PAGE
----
Developing games is at the heart of every game studio, but understanding best practices and keeping up on the latest in game design from conception to post-launch can be daunting. Attendees of Casual Connect USA 2018’s Design & Development track, however, will become well-versed in important topics throughout the content-creation pipeline and beyond.
Moore’s Law is still in full-swing since Gordon Moore first made his now-famous observation in 1965. Technology continues to change at a nearly breakneck pace – not only getting smaller and faster, but also more advanced and intricate. From artificial intelligence to high fidelity, it can be difficult to stay on top of everything. In Casual Connect Kyiv’s Tech track, attendees can expect to receive numerous insights to help them keep on top of the latest technology so they can make their games the best they can be.
By Karyn Murray, COO, eLearning Studios
In 2014, eLearning Studios was invited to be a partner in a European partnership project called Stay Active which was a project looking at reducing stress in older workers in the workplace. As part of this project we worked collaboratively with Dr. Gail Steptoe-Warren, Occupational Psychologist and Principal Lecturer at Coventry University’s Faculty of Health and Life Sciences and Nigel Wilson Principal Lecturer at Coventry University to research and explore ideas for the development of a new game designed to reduce stress for those over 45. This initial project was later to evolve and develop into Soar: Tree of Life.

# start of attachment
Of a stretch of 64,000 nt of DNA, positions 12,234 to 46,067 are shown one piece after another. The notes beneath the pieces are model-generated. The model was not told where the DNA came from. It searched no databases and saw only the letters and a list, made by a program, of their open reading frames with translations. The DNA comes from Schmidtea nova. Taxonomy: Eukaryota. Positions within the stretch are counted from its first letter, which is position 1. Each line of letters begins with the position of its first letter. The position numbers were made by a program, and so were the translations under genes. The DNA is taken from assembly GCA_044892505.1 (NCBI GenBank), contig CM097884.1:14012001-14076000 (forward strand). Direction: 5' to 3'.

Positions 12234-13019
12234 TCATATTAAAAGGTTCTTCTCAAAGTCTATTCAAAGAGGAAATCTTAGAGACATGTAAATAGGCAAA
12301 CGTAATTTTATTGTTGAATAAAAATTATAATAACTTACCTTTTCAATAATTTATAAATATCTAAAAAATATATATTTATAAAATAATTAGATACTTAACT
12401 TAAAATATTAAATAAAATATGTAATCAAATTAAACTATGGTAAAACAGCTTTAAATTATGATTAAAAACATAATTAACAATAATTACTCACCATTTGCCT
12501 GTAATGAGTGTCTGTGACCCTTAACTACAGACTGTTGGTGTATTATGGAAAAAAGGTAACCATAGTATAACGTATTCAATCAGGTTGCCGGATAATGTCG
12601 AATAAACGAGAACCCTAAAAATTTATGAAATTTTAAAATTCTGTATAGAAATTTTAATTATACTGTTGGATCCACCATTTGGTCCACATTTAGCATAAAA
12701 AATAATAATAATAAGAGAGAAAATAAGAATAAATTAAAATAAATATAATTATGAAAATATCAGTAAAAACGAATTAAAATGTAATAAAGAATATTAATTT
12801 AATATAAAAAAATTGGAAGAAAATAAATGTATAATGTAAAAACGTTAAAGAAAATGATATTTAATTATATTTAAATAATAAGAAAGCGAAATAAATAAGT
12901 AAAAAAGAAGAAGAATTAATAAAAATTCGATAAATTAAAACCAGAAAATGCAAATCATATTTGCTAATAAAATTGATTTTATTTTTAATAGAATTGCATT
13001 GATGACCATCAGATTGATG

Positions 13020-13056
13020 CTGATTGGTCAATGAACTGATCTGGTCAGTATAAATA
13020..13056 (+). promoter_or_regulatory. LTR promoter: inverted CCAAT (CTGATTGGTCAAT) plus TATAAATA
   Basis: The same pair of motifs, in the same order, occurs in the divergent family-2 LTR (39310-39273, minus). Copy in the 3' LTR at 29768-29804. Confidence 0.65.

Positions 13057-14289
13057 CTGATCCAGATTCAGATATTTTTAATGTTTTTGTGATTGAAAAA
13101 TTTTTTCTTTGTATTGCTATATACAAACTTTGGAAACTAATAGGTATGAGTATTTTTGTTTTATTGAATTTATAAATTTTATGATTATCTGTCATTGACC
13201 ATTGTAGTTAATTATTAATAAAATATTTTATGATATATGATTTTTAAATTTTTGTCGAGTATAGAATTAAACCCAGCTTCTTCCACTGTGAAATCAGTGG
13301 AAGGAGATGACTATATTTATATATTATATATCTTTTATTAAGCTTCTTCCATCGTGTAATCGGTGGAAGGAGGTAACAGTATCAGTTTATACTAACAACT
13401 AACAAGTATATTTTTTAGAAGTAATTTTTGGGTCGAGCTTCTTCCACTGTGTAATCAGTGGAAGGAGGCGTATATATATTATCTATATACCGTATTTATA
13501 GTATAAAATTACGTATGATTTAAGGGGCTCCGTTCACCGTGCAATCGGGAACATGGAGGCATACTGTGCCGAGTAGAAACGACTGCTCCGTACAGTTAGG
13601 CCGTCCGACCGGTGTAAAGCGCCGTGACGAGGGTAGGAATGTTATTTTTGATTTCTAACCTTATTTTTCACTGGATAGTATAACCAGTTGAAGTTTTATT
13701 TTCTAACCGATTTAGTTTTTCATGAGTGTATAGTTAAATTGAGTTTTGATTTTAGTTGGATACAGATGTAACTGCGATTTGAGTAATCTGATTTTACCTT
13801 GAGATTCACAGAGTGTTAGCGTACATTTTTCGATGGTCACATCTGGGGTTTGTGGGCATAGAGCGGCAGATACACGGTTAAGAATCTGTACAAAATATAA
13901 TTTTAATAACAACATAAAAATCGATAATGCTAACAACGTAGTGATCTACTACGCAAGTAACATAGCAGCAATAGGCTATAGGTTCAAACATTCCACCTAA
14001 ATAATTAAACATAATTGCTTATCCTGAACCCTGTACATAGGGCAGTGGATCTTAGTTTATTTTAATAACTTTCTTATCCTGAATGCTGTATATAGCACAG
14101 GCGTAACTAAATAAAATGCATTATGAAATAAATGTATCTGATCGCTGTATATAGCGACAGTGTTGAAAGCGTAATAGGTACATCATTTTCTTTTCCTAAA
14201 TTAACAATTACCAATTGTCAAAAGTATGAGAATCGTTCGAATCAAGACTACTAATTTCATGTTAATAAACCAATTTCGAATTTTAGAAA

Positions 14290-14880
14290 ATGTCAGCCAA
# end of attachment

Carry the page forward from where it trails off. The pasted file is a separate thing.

Indie Prize is a scholarship program for up-and-coming indie developers that unites developers all around the globe to discover the brightest and most talented indie games. The finalists are always announced one month before the upcoming showcase and announced at www.indeprize.org. Developers from more than 60 countries all over the world apply with more than 1,000 applications received during the year.
By Rob Percival, Udemy Instructor